Students who struggle with English have a doubly difficult task in history classrooms. Not only are they challenged with learning core historical knowledge and skills but they are also learning English. History lessons offer rich opportunities to teach both language and content. In this feature, we highlight instructional strategies and key information to help history teachers better serve the English Language Learner (ELL) student population.

Stanford professor Claude Goldenberg reviewed existing research on teaching ELLs and compiled three guidelines to focus thinking about instruction for these students (see “Teaching English Language Learners: What the Research Does — and Does Not — Say,” American Educator, 2008). While these guidelines are not confined to history teaching, we use them to introduce and frame this feature.

So what does the research say?

Using materials in the first language

Teaching students in their first language promotes the acquisition of knowledge and skills that can be applied in English. Examples of strategies that incorporate the primary language of the student include: teaching skills in the primary language with student application of the skills in English; previewing English language lessons by introducing important new concepts in the first language, reviewing these key concepts in the primary language after the lesson, and providing learning materials in multiple languages. Even if you, the teacher, speak only one language, you can still use multilingual resources.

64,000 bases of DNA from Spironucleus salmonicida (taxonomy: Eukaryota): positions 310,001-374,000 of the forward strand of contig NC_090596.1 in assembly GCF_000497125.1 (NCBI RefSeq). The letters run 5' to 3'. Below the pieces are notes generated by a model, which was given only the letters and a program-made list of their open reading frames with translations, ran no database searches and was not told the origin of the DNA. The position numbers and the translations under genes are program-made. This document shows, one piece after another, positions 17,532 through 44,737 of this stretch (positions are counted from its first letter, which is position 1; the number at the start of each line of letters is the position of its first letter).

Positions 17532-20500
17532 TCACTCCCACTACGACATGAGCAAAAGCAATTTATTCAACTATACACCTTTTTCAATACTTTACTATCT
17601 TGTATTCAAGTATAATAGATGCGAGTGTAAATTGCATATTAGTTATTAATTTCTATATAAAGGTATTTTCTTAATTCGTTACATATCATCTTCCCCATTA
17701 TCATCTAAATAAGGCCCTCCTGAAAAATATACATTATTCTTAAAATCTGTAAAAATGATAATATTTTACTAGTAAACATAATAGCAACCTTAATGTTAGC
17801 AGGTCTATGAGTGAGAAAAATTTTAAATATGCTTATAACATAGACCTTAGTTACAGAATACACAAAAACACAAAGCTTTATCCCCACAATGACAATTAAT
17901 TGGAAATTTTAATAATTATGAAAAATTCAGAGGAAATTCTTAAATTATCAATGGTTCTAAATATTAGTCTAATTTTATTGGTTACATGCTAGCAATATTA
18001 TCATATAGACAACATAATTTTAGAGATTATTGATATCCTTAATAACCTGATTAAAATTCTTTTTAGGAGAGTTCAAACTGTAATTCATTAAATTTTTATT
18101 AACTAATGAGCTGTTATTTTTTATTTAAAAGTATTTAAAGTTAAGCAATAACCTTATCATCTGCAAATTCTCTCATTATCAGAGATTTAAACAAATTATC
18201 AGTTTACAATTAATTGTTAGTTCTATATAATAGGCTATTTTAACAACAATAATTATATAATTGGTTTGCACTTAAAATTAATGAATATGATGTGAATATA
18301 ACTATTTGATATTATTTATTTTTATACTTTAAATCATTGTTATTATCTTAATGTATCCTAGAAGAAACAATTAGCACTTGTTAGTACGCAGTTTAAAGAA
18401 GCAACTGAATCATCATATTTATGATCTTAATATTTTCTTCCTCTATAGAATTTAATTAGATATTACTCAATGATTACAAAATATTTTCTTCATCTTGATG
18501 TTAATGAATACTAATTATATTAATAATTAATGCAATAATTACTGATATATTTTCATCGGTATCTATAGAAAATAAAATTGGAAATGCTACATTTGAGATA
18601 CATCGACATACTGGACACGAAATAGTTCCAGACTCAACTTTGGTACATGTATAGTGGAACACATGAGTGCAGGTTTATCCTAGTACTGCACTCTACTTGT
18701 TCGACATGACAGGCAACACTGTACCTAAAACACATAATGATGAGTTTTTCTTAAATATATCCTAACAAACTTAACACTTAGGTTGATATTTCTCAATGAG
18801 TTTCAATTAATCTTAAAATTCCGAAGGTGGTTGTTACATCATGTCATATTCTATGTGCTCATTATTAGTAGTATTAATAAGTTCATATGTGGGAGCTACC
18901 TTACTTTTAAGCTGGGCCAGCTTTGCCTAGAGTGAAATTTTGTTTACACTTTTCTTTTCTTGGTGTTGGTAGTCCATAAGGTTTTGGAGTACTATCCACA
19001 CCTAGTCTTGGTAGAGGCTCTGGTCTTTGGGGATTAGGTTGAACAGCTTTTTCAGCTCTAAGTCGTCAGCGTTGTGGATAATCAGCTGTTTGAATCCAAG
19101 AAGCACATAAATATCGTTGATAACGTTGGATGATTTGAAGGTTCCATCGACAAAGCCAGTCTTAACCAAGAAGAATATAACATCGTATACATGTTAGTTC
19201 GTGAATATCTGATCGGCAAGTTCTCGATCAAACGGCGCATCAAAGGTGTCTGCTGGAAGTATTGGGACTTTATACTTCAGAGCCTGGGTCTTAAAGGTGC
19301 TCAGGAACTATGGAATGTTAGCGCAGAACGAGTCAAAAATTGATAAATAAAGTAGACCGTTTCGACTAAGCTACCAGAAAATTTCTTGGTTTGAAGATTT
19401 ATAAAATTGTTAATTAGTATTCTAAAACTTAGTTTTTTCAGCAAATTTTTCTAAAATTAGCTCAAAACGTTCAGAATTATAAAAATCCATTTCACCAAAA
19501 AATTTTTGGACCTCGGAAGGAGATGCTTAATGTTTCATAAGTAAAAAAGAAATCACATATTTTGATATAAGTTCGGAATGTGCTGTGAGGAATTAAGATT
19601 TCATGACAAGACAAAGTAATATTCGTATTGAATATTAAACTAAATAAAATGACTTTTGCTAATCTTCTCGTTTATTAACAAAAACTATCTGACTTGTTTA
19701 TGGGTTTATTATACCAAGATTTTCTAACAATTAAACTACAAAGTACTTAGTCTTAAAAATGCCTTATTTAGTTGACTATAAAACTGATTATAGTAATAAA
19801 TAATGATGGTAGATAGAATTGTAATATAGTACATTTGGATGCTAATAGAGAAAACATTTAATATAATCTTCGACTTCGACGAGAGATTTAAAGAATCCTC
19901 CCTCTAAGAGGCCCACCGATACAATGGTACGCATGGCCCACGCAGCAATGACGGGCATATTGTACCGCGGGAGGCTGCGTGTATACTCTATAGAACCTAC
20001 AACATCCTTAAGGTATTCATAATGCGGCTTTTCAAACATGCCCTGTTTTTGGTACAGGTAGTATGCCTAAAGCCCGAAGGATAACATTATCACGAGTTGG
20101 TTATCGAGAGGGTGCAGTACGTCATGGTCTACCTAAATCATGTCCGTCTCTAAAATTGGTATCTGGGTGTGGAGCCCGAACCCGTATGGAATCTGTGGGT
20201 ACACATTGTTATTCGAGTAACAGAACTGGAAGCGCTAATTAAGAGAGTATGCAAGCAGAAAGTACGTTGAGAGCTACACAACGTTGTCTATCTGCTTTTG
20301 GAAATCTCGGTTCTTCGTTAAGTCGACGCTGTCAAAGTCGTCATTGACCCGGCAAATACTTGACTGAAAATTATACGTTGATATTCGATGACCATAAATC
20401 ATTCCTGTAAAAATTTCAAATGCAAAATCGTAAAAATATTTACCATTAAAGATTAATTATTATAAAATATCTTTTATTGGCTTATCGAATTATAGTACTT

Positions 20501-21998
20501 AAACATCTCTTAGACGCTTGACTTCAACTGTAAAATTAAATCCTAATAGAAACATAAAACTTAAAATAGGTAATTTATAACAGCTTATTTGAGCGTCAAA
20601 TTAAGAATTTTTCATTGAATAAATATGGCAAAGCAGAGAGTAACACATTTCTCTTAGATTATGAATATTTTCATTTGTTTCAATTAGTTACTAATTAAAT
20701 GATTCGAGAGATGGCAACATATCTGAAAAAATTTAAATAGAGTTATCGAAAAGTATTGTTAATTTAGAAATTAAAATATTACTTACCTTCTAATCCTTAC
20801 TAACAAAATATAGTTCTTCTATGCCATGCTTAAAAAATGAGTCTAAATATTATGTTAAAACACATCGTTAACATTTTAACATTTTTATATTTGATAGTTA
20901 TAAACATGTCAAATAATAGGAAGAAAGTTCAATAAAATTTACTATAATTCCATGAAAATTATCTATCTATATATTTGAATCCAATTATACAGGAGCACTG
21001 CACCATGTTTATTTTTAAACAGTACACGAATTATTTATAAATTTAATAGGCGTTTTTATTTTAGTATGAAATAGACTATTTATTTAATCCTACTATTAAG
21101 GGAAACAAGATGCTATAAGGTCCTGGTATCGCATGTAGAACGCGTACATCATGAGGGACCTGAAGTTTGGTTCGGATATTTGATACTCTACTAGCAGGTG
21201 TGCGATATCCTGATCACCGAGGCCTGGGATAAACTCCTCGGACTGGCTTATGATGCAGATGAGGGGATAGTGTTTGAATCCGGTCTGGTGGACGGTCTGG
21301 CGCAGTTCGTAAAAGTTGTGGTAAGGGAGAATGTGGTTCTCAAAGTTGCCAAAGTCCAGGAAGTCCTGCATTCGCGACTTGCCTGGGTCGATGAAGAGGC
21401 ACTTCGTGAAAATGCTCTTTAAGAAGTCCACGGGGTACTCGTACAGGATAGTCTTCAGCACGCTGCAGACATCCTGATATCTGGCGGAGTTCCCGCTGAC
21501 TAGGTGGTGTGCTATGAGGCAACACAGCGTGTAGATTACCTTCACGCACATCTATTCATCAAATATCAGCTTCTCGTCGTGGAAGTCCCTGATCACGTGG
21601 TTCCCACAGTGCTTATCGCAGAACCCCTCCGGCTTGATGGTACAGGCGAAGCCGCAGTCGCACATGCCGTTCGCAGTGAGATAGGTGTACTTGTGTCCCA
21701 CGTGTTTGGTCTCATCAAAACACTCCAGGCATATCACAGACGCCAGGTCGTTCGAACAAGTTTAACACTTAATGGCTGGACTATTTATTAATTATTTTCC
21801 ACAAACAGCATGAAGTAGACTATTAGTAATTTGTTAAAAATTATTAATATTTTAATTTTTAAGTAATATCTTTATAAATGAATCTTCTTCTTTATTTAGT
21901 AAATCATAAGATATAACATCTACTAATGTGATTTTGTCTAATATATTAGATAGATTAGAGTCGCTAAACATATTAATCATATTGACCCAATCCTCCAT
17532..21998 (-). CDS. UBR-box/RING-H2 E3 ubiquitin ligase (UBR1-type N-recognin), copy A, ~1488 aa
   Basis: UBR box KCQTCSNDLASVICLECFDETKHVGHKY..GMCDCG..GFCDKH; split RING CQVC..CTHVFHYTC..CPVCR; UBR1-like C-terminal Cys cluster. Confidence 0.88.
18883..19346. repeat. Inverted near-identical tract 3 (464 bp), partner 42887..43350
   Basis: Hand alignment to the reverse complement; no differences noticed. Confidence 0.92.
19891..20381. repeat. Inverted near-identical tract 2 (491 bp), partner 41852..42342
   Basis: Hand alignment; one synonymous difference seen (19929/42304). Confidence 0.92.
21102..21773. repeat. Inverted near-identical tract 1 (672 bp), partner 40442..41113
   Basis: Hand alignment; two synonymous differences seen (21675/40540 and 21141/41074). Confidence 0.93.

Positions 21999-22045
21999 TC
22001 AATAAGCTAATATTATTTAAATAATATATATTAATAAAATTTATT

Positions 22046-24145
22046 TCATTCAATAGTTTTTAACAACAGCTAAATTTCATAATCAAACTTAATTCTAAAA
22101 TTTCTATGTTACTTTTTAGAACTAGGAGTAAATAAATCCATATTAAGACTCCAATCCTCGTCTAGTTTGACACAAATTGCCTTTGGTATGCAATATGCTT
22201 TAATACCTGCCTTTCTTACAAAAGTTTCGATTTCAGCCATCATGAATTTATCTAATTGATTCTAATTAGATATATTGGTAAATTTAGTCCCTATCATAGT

Scaffolding Instruction

Teachers must modify instruction to help ELL students access important knowledge and skills. Scaffolding is one strategy that works. Examples of scaffolds include: graphic organizers; presenting information both verbally and visually; and clarification of difficult vocabulary to aid comprehension. Scaffolds like these enable you to keep your curriculum and instruction complex and challenging, but remember students may need explicit instruction about how to use particular scaffolds.

Good teaching for all

What you know about good history teaching also applies to teaching ELLs. Research shows that ELLs benefit from: content-rich environments; interactive curriculum; clear learning objectives; opportunities to apply knowledge; and constructive feedback. Because student achievement is enhanced when learning is reinforced at home, good history teaching includes clear communication with parents/guardians about the objectives of the course and student progress in the course.

In the First Language

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Further reading

For deeper exploration of the research on teaching English language learners and its instructional implications, please visit the websites of the National Literacy Panel (NLP), the National Clearinghouse for English Language Acquisition (NCELA), the Center for Research on Education, Diversity, and Excellence (CREDE), Colorin!Colorado!, the What Works Clearinghouse, and its companion site Doing What Works.